Since I didn’t have time to make some pasta from scratch (there are several wonderful recipe for homemade pasta in the book), I chose to make Domenica’s simple Tomato-Cream Sauce to pair with some store-bought Radiatori.  This gave me an excuse to go to one of my favorite local specialty stores – Sam’s Italian Deli and Market – to buy canned San Marzano tomatoes for the sauce and to find the special pasta shape I was after.  Not only did Sam’s carry the dried Radiatori pasta, they also had a fresh version in their freezer.  I bought a bag of the fresh pasta, which contained two servings.  Perfect, since I wasn’t cooking for a crowd after all.

Now for the sauce.

It starts with a combination of extra-virgin olive oil and butter – my two favorite ingredients.

Olive Oil and Butter in a Dutch Oven

When the oil and butter are heated, add a mixture of chopped onion, carrots, and celery.

Onion, carrots, and celery cooking in butter and olive oil

While the vegetables are sauteeing, you’ll have time to process the canned tomatoes in a food mill.  If you don’t have a food mill, you really should get one.  It’s an inexpensive and wonderful tool!

San Marzano Tomatoes in a Food Mill

The tomatoes will pass through the mill, leaving behind the seeds, cores, and any skin that was left on the tomatoes.

Processing Tomatoes in a Food Mill

What you’ll end up with is a beautiful tomato puree.

Tomato Puree

After about 15 minutes, the vegetables should be nice and soft.  Even though I was busy with the tomatoes, I kept an eye on the vegetables, stirring them occasionally, and adjusting the heat to keep them from browning much.

Softened Vegetables

Next, add the tomato puree, salt, and pepper to the vegetables and bring it all up to a slow simmer.  At this point, you’ll partially cover the pot with a lid then let the sauce simmer for about 45 minutes.  Meanwhile, your house will smell amazing!

Tomato Puree is Added to the Vegetables

After 45 minutes, the sauce will have thickened and the vegetables will be very tender.  Take the pot off the heat and let it cool for a few minutes.  Next, you can puree it with an immersion blender or in batches with a regular blender.

Tomato Sauce after Simmering

The final step is to stir in some cream.  If you’d like to freeze part of the sauce, remove that portion to a freezer container before adding the cream.

Swirling in some cream

Once the cream is stirred in, taste the sauce, try not to swoon,  then add more salt and pepper if you’d like.

Tomato-Cream Sauce

While the ingredients are very simple, this sauce is amazing!  I couldn’t stop eating it by the spoonful.  And since I knew I wouldn’t be eating much pasta, I decided to try the sauce a different way.  My friend and I had just made Grilled Chicken Under a Brick and I couldn’t resist trying a piece of the rosemary-scented chicken smothered with the tomato-cream sauce.  It was so delicious!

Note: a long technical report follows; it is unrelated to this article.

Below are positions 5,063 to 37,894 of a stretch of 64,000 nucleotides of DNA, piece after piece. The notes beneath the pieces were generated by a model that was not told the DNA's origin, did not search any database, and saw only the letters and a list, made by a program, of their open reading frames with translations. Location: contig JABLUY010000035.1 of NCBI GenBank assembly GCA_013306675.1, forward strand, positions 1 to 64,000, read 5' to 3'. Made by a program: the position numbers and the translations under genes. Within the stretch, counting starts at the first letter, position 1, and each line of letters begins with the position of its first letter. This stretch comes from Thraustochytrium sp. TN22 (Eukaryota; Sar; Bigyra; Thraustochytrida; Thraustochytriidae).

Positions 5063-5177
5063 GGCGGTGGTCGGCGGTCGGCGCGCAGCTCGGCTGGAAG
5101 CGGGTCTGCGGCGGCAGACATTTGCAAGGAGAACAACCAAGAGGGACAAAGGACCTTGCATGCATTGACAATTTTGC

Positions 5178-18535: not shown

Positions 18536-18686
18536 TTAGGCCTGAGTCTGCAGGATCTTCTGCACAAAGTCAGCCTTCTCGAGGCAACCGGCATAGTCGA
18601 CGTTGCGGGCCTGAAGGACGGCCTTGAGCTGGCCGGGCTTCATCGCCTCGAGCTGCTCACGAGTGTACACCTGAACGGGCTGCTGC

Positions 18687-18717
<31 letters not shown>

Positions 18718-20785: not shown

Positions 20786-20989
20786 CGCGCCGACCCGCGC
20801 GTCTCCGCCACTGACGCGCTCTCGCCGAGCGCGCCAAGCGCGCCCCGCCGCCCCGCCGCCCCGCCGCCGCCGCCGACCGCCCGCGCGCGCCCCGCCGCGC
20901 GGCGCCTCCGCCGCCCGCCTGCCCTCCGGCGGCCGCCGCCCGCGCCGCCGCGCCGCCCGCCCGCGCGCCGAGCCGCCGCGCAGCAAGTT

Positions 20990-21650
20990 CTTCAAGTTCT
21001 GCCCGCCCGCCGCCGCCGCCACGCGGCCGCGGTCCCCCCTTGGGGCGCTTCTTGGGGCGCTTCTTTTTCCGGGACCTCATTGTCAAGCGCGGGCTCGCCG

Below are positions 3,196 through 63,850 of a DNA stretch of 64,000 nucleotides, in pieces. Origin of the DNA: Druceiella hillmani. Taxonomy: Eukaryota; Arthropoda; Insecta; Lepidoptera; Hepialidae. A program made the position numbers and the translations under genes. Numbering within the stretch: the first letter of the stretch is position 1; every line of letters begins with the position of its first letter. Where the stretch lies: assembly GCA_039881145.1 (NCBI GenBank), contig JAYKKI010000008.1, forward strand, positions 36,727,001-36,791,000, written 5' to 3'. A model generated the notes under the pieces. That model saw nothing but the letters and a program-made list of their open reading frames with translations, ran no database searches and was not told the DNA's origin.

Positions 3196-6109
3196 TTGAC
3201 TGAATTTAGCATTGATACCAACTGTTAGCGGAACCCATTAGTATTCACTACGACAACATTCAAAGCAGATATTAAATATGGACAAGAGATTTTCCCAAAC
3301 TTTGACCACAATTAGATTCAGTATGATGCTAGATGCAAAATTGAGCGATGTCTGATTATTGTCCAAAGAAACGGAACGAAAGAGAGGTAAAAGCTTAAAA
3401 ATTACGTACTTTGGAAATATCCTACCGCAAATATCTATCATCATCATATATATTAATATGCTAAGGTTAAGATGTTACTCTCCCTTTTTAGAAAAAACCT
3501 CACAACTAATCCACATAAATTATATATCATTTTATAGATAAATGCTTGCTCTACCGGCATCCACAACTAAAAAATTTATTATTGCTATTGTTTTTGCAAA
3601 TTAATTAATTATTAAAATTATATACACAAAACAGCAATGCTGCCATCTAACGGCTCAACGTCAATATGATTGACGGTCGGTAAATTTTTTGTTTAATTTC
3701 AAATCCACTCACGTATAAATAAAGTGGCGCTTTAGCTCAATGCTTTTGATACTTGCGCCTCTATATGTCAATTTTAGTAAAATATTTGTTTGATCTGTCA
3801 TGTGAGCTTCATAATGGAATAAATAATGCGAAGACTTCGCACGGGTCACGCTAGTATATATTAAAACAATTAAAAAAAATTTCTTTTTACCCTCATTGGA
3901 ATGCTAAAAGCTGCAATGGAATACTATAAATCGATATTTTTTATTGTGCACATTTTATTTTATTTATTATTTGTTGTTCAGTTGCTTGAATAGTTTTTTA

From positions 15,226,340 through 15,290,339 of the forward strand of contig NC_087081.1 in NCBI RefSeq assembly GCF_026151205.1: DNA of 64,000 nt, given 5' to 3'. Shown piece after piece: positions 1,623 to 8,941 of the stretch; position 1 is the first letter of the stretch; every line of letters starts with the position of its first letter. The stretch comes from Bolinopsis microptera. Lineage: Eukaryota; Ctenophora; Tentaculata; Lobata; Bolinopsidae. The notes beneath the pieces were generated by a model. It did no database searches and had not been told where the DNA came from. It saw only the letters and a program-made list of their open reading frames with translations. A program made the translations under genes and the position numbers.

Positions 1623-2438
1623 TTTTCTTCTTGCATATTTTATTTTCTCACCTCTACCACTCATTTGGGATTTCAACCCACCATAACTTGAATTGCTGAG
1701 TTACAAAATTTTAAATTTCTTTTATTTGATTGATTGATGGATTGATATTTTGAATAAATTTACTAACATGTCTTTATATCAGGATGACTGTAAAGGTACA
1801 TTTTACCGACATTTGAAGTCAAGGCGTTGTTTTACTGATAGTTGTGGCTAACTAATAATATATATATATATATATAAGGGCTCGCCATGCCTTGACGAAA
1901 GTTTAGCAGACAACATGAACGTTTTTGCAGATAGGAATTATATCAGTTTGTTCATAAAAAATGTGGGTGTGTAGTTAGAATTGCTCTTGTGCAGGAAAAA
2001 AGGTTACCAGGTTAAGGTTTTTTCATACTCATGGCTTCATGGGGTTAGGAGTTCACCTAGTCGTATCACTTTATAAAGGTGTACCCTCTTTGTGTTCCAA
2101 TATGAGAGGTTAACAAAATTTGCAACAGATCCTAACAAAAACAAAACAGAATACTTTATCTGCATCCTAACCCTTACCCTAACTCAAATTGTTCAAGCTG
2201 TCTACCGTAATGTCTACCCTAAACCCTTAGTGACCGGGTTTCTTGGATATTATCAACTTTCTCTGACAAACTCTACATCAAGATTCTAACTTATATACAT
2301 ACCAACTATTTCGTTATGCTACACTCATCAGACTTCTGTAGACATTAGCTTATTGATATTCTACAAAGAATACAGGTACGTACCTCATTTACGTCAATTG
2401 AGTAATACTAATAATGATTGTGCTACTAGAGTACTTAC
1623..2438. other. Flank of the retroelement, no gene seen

Grilled Chicken Under a Brick with Tomato-Cream Sauce

The thing to keep in mind is that Italian pasta sauces can be used in so many ways.  If you can’t eat pasta, there’s no reason you shouldn’t make a big pot of delicious tomato sauce.  For dinner, simmer some big meatballs and vegetables in the sauce.  Pour it over sliced meatloaf, chicken, or Italian Sausage.  Toss it with zucchini ribbons or spaghetti squash.  The options are endless.  You can do the same thing with any sauce.  Be creative!

And if you are gluten-free but eating other grains, you can substitute your favorite gluten-free pasta in any of the recipes in the book.  There are so many recipes in here that can work for anyone.

Yesterday on twitter, my friend Tari and I were talking about tossing shaved asparagus with a rich cream sauce rather than eating asparagus on the side of Fettuccine Alfredo.  It sounded so good, I almost dropped what I was doing to go buy some asparagus.  Making dietary changes is hard, but rather than worrying about having to say no to your favorite foods, try saying yes to new variations of your favorites.

I am so happy that Domenica asked me to join her Pasta Party to celebrate today’s launch of her new book.  Making that sauce yesterday – the first pasta sauce I’ve made since going low carb – really made me think about how to combine my love of Italian cooking with my new way of eating.  I may not be eating pasta very often, but The Glorious Pasta of Italy will still inspire many terrific meals in my kitchen.